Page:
Sunday, February 18, 2007

Microsoft blew it with IE

Recently, the Mozilla Foundation announced offline application support for Firefox 3. You see, this is the holy grail of the web. Once you have support for running offline applications in the browser, the browser becomes the framework/platform of choice for any king of application.
You see, until just recently, Microsoft Windows was the platform of choice for most desktop applications. This was due to the largest install base and because Microsoft has done just about anything to make sure that programmers find it easy to target their platform (think MSDN).
A platform is very different from your average library. A platform limits the ways in which you can write code. For example, in Windows, you create so-called applications. You know, you write a window procedure and Windows takes care of calling code for you. Before you know it, you're stuck. Fortunately, all the platforms that you can possibly care about are pretty similar, so if you want to port the code, it's not the end of the world. But it's still difficult. Plus Microsoft gets to dictate the changes.
Platforms are a lot like frameworks. You must write your code to fit the platform/framework. Until recently, Windows was, of course, the platform of choice for general purpose applications (think office applications, etc). Microsoft did its best to keep you locked into their platform.
Then the web happened. Microsoft got really lucky and somehowmanaged to obtain some 90% of browser market. But then, then it screwed up really badly. Firefox started happening. A couple of years of no updates to Internet Explorer later, Firefox is the browser of choice for hackers. Now that everyone who matters runs Firefox, Mozilla (or maybe Google, because they hire the programmers behind Firefox) can go ahead and add their own features of choice. Offline application support is one killer feature.
At the present moment, the only problem that keeps people from totally throwing away their desktop apps and switching to web-based ones is that Internet connectivity is not available everywhere every time. Now that offline application support is being added to Firefox, the browser can become the platform of choice for traditional "desktop" apps. I predict that other issues, such as raw speed, will become less and less important (JavaScript will do).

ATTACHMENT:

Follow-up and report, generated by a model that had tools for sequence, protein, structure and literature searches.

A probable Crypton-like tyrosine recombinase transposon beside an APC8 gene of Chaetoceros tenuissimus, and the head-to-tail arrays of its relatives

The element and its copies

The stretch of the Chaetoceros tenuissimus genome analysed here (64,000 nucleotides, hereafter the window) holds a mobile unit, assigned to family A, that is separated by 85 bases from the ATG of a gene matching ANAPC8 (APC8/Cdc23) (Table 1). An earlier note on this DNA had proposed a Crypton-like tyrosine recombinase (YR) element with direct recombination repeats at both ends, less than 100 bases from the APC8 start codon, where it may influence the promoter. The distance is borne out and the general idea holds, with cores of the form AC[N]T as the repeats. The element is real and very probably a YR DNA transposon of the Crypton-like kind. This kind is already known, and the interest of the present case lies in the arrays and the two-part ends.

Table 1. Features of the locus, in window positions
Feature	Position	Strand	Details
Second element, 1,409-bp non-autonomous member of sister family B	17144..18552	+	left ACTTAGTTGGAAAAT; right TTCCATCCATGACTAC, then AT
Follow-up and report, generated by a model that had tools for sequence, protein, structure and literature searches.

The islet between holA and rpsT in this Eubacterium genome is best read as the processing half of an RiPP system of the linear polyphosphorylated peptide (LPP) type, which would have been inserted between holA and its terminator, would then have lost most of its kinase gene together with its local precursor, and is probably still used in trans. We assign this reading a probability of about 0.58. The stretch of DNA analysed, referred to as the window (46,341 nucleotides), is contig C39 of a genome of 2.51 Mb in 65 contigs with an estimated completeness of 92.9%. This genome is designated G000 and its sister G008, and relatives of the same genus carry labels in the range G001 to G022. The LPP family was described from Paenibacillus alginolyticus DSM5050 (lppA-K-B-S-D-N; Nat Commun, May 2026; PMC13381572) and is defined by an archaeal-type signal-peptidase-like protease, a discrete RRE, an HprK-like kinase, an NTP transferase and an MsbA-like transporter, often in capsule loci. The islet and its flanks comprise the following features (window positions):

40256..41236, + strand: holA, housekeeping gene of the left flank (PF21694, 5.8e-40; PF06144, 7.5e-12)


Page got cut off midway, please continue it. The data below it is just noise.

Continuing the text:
I also predict that once Firefox gets a big enough market share (say 30-40%), its adoption rate will increase exponentially and we'll see 80% in a very short time. Microsoft looses.


CISCBrain said...

Microsoft doesn't lose, it adapts, like the Borg. If what you say is really going to happen than MS is going to become Mozilla's best friend overnight and launch Internet Explorer X - with Mozilla(c) technology.

In the end the users won't care about boring (to them) details like rendering engine or license, what they'll see is a browser that's better than the previous version. Heck, MS may actually even solve the startup time problem that Firefox has today.

Who will actually win more from this, MS from fireing the IE team (they damn well deserve it) or Mozilla from losing their brand even though their product is being used?

stefan.ciobaca said...

What I'm saying is that Microsoft is slowly but surely losing its Internet battle. Google is currently controlling Firefox, the web platform of choice for discriminating hackers.
It is a sad truth that users don't care about license, but instead rely on the defaults. If Microsoft duplicates Firefox feature for feature (and they've this before), there's nothing wrong with that. I think it would be pretty cool to have different standards compliant browsers.
But what they'll probably try to do is "enhance" the feature such as to couple them to their own OS. However, I don't think they'll have the time to do so. Keep in mind that the IE team is new to the source code and they had trouble implementing basic functionality (tabs, which by the way, still don't work properly -- have you tried opening two sites from two different Internet zones in the same window, in two different tabs?).
Once software companies start offering web software that works on any platform (and works offline as well), Windows will have a hard time keeping its monopoly. At that time, Microsoft will have no choice but to port IE and Office to Linux :D
I'm not sure what you mean by "they damn well deserve it" -- do you mean the IE team deserved to be fired?

CISCBrain said...

I meant the team that did almost nothing (at least from where I'm standing) for some 5 years or so. I tend to exaggerate sometimes :)

> Keep in mind that the IE team is new to the source code
Are you saying that the team has already been changed?

What I meant by Internet Explorer X - with Mozilla technology is that I don't fully reject the possibility of MS releasing a browser based on the Gecko engine, just like Netscape and Flock. At least as a last resort I believe they'd do that.

stefan.ciobaca said...

I'm not sure about this, but I remember reading that the IE team was fired (well, moved to other products) soon after the release of Windows XP. At the time, MS was thinking of making its web browser software tightly coupled with Longhorn and they only left very few people in the IE team (security issues only). After Longhorn was delayed and features cut, MS rethought its strategy and created the IE 7 team. I can't quickly find any reference to this on google, but I'm sure there's some site that documents this somewhere.

Anonymous said...